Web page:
Professor David Collins says a light-touch approach to the Great Britain/Northern Ireland border can preserve the integrity of the UK while posing little or no threat to the EU’s Single Market.
By Professor of International Economic Law, Professor David Collins, The City Law School
Endless repetition of the claim that the UK’s plan to abrogate the Northern Irish Protocol “breaches international law”, as if the UK were some kind of rogue state, does not make it true. Article 16 of the Protocol specifies that, should the agreement lead to “serious economic, societal …harms or to a diversion of trade, [parties] may unilaterally take appropriate measures.” This is what the Government is now seeking to do via legislation.
The standards for invoking this provision are ones of seriousness and appropriateness. These concepts are not unique in international law – they are found in the World Trade Organisation (WTO’s) Agreement on Safeguards. Safeguards are designed to cushion severe shocks resulting from free trade agreements and are widely viewed as a necessity given difficulties some countries experience adapting to new trading relationships.
There is no question that the developments that have occurred since the Protocol was signed are serious – a near total collapse of trade between Great Britain and Northern Ireland as a consequence of the EU’s egregious customs checks on goods. The ensuing implications for the integrity of the Union as well as the UK’s economic welfare are indeed a cause for concern.
The EU’s unreasonableness with respect to checks of goods is tantamount to a blockade in the Irish Sea. It is as good an example of bad faith in the implementation of an agreement as one might imagine. Something close to one fifth of all documentary checks conducted by EU customs relate to the Irish border – a shocking figure given that these shipments account for far less than 1 per cent of EU trade. It is hard to resist the conclusion that the morass of paperwork was purposefully inflicted upon the UK as some kind of punishment.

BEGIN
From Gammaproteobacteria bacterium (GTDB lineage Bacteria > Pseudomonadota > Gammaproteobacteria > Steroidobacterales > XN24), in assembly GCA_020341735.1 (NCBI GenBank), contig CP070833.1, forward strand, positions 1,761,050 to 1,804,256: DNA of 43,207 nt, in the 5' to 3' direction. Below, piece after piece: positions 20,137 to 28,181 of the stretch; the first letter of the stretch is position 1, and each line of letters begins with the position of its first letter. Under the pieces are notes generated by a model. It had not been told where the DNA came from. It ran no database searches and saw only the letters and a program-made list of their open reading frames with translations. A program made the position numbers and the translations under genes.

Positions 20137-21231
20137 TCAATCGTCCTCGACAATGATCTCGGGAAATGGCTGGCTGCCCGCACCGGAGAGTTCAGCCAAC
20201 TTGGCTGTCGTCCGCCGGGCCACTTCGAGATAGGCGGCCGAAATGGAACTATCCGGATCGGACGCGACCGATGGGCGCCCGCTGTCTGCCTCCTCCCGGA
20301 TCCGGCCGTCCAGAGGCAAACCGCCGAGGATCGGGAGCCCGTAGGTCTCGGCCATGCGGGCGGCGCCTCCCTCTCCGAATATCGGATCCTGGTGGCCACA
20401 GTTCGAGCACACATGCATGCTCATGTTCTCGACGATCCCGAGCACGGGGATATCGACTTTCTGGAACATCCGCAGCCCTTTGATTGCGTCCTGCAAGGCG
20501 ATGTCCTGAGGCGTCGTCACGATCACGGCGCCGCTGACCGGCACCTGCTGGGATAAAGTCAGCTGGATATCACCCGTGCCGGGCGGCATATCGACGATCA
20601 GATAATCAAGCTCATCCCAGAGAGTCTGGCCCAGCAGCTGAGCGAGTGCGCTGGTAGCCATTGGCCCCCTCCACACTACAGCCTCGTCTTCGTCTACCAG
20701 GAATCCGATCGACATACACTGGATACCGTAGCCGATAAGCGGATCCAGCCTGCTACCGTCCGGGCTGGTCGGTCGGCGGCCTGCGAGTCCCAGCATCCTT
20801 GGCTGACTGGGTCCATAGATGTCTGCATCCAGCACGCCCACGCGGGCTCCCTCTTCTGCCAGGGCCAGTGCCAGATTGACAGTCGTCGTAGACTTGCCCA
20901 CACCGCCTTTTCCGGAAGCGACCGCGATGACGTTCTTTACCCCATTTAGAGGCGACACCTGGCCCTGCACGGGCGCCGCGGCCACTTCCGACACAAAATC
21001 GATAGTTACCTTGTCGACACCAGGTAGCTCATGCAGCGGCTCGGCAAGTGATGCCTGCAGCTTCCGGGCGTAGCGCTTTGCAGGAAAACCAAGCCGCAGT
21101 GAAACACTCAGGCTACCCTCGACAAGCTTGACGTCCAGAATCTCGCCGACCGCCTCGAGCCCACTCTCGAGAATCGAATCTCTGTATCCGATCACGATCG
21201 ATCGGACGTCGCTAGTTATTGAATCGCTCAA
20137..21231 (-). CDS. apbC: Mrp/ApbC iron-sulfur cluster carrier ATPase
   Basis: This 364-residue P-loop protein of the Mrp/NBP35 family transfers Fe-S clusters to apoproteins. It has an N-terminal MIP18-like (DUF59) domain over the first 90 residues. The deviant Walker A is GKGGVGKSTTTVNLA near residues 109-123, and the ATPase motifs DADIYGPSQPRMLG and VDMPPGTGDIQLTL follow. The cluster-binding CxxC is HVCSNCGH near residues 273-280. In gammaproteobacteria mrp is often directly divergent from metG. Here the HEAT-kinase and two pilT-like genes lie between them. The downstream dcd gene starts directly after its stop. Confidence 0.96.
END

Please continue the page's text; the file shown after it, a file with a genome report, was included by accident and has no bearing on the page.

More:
On appropriateness, the Protocol provides further clarification. The measures taken by a party in response to serious harm must be limited to those that are strictly necessary. Liz Truss has explained that the UK’s response would involve simplified customs checks on the Irish Sea comprising a check-free green lane for goods staying in Northern Ireland, linked to a trusted trader scheme, and a red lane for full checks on products moving into Ireland and the Single Market. This proposal is not a reckless “ripping up” of the Protocol as the BBC would have you believe. It is, as Attorney General Suella Braverman averred, an entirely lawful exercise of the UK’s rights as spelled out in the text of the treaty.
Article 16 goes on to state that the party against which safeguard measures are imposed to rectify harms (in this case the EU) may respond via “proportionate rebalancing measures” which must also be “strictly necessary”. This does not authorise a trade war, as the EU seems to be threatening. Given the miniscule volume of trade which may be affected, any corresponding tariffs against UK goods should be minor. An attempt to retaliate beyond this would be unlawful, not to mention self-destructive given the EU’s trade surplus in goods with the UK.
The solution of a light-touch approach to the GB/NI border can preserve the integrity of the UK while posing little or no threat to the EU’s Single Market. This was precisely the kind of arrangement that was envisioned by the Protocol and why the UK signed the treaty in the first place. Unfortunately, the EU did not see it this way. Something must be done, now.